When I think of an agile marketing organisation, I think of an ability to “pivot” – respond in real time to opportunities. Customers expect real-time response and while technology is central, ultimately agile is a frame of mind. Agile is about winning in the marketplace.

Read more: Friday infographic: Marketing automation's influence

Achieving this mindset calls for braiding together solutions, people and corporate cultures. To make agile sustainable, marketers need to operate in a data-oriented culture, because today’s marketing is de facto data driven.

The CMO must also be a deliberate and disruptive change agent. Strong leadership and people skills are mandatory to get the team motivated and focused on success. This requires articulating a vision with texture, that is attainable within the time allotted. Some challenges will be that existing silos will impede progress and cloud the broader purpose. In such cases, the silos need to be crushed, or at least blended. For example, it can no longer be sales versus marketing. The perception has to be that agile marketing is about ‘better enabling sales to sell’.

People will wonder ‘why are we doing this?’ and everything will feel clumsy until the new technologies and processes gel. I encourage marketing leaders to provide frequent updates on common metrics so teams can chart progress from their lines of sight (we had daily stand-up meetings, for example).

It is critical CMOs put forth a clear marketplace vision, a realistic strategy that maps to business goals, and use solutions built for agile marketing, such as those that help you get, use and make sense of data. Then, as you implement agile, you should always be over-communicating progress.

Read more: Kia Motors Australia aims for personalisation with new website

This article originally appeared in CMO's June 2014 magazine edition. To subscribe to the print or digital version, click here.

Follow CMO on Twitter: @CMOAustralia, take part in the CMO Australia conversation on LinkedIn: CMO Australia, or join us on Facebook: https://www.facebook.com/CMOAustralia

Signup to CMO’s new email newsletter to receive your weekly dose of targeted content for the modern marketing chief.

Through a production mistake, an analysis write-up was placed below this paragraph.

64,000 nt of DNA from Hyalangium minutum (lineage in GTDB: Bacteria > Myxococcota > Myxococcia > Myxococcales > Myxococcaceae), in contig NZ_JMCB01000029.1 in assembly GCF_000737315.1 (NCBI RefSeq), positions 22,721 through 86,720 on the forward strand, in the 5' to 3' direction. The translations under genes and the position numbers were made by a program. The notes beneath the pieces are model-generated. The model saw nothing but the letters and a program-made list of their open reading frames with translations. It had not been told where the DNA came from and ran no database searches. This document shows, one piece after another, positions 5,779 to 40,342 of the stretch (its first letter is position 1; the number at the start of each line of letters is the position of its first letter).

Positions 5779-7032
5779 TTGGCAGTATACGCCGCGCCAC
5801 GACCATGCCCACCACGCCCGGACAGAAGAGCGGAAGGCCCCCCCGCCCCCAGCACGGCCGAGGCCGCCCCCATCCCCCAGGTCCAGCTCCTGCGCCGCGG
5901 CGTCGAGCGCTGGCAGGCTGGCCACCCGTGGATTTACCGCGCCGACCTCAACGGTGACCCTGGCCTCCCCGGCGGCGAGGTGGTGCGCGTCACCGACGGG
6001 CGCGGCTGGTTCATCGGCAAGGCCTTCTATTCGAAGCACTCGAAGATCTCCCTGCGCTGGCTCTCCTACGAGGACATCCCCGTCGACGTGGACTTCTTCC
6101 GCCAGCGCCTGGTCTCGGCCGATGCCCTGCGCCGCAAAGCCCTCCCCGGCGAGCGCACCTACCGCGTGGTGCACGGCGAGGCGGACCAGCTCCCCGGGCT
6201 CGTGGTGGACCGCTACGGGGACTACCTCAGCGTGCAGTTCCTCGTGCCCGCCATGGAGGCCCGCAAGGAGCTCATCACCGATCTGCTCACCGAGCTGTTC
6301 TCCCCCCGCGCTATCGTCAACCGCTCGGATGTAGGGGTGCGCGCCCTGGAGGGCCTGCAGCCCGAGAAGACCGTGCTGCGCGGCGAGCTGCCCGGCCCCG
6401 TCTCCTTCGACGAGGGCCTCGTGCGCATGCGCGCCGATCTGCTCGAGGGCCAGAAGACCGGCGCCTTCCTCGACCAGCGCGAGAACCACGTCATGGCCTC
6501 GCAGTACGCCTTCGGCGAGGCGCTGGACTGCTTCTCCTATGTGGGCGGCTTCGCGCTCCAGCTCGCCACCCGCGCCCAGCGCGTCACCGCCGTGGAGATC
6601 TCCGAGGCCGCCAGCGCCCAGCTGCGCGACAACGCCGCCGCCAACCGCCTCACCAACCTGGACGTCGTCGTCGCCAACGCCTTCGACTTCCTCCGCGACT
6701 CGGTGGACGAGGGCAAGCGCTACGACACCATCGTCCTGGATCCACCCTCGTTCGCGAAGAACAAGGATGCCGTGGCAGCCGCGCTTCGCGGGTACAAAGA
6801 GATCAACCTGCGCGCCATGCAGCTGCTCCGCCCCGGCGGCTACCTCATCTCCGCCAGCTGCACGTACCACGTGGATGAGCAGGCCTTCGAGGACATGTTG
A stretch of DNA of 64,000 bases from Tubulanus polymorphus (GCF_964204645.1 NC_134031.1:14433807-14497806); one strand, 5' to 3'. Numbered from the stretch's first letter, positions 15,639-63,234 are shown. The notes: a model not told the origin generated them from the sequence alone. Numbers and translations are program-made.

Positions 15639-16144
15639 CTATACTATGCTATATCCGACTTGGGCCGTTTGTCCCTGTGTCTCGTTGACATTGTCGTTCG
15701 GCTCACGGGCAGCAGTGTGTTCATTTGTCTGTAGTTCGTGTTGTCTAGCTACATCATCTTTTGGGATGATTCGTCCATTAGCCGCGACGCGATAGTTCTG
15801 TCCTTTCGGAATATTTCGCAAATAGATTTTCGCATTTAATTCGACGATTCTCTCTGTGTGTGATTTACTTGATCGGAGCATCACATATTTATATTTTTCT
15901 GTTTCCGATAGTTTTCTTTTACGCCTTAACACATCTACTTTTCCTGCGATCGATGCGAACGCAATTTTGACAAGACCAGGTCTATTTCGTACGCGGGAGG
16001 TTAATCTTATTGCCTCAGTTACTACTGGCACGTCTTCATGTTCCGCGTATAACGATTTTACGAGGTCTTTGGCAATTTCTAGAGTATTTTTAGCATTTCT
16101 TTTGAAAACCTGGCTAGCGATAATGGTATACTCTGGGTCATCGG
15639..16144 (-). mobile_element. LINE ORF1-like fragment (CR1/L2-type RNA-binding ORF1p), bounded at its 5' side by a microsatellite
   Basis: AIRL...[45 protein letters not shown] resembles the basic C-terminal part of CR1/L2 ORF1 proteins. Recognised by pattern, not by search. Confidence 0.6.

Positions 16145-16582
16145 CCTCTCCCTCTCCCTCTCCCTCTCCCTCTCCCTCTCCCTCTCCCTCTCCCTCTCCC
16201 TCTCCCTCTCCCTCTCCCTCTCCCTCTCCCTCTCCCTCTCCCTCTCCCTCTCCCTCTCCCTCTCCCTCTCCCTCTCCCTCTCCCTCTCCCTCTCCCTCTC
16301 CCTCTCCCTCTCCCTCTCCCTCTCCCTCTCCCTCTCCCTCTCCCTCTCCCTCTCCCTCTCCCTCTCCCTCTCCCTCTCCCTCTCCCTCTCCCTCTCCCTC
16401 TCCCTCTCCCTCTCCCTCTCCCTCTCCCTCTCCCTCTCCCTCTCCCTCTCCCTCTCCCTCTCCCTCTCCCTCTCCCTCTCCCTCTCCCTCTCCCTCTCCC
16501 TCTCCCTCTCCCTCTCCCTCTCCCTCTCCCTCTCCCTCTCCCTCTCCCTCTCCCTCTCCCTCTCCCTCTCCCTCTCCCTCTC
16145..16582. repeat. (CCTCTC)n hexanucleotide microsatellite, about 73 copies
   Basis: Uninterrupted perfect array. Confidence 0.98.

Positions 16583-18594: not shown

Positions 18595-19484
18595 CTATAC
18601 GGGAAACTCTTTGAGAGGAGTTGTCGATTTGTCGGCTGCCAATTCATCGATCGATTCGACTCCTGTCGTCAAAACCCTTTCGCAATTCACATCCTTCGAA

Join the newsletter!

Error: Please check your email address.
Show Comments

Blog Posts

How to leverage the Internet of Things to understand consumer intent

'Intent' is the single largest performance marketing variable. It shapes our search queries, dictates our purchase paths and mediates meaningful interactions with brands regardless of channel, media or content type.

Oliver Smith

Business development, Performics Australia

3 ways customer data can increase online sales conversion

Data has been an increasingly critical factor in improving the efficiency and effectiveness of marketing and business operations.

James Bennett

Chief experience officer, Kalido

Our sharing future is both terrifying and exciting

Discussing the future in a realistic fashion is often a disappointing prospect. For all the talk of hoverboards, jetpacks and lightsabers changing the way we do things, the reality tends to end up being something as mundane as a slightly cheaper way to get around the city.

Jason Dooris

CEO and founder, Atomic 212

Hi, i am an Aistralian ALK patient, been on xalkori dec 13 to oct 15 and achieved remission of disease, since been on Ceritinib until no...

gary packer

Pfizer Australia adopts AI-powered digital analyst tool for sales and marketing decision making

Read more

Hi James, shouldn't marketers also be focusing on collecting and utilizing up to date first-party profiling data on customers so that mes...

Tom

3 ways customer data can increase online sales conversion

Read more

Wouldn't reconnecting with younger consumers be in direct contravention of the code on alcohol advertising?

Tim Palmer

Vodka Cruiser reconnects with younger consumers via category-first Facebook Live campaign

Read more

Thanks for the article Jennifer, you raise some interesting points. The supermarket and shopping centre examples particularly struck a c...

Jill Brennan

Why marketers should take note of social robots

Read more

Winning the retail game is really tricky at this point in time. Many retailers have declared themselves as bankrupt. But yes harnessing t...

Vanessa.M.Magers

​Bricks and clicks: Balancing digital and physical to win the retail game

Read more

Latest Podcast

More podcasts

Sign in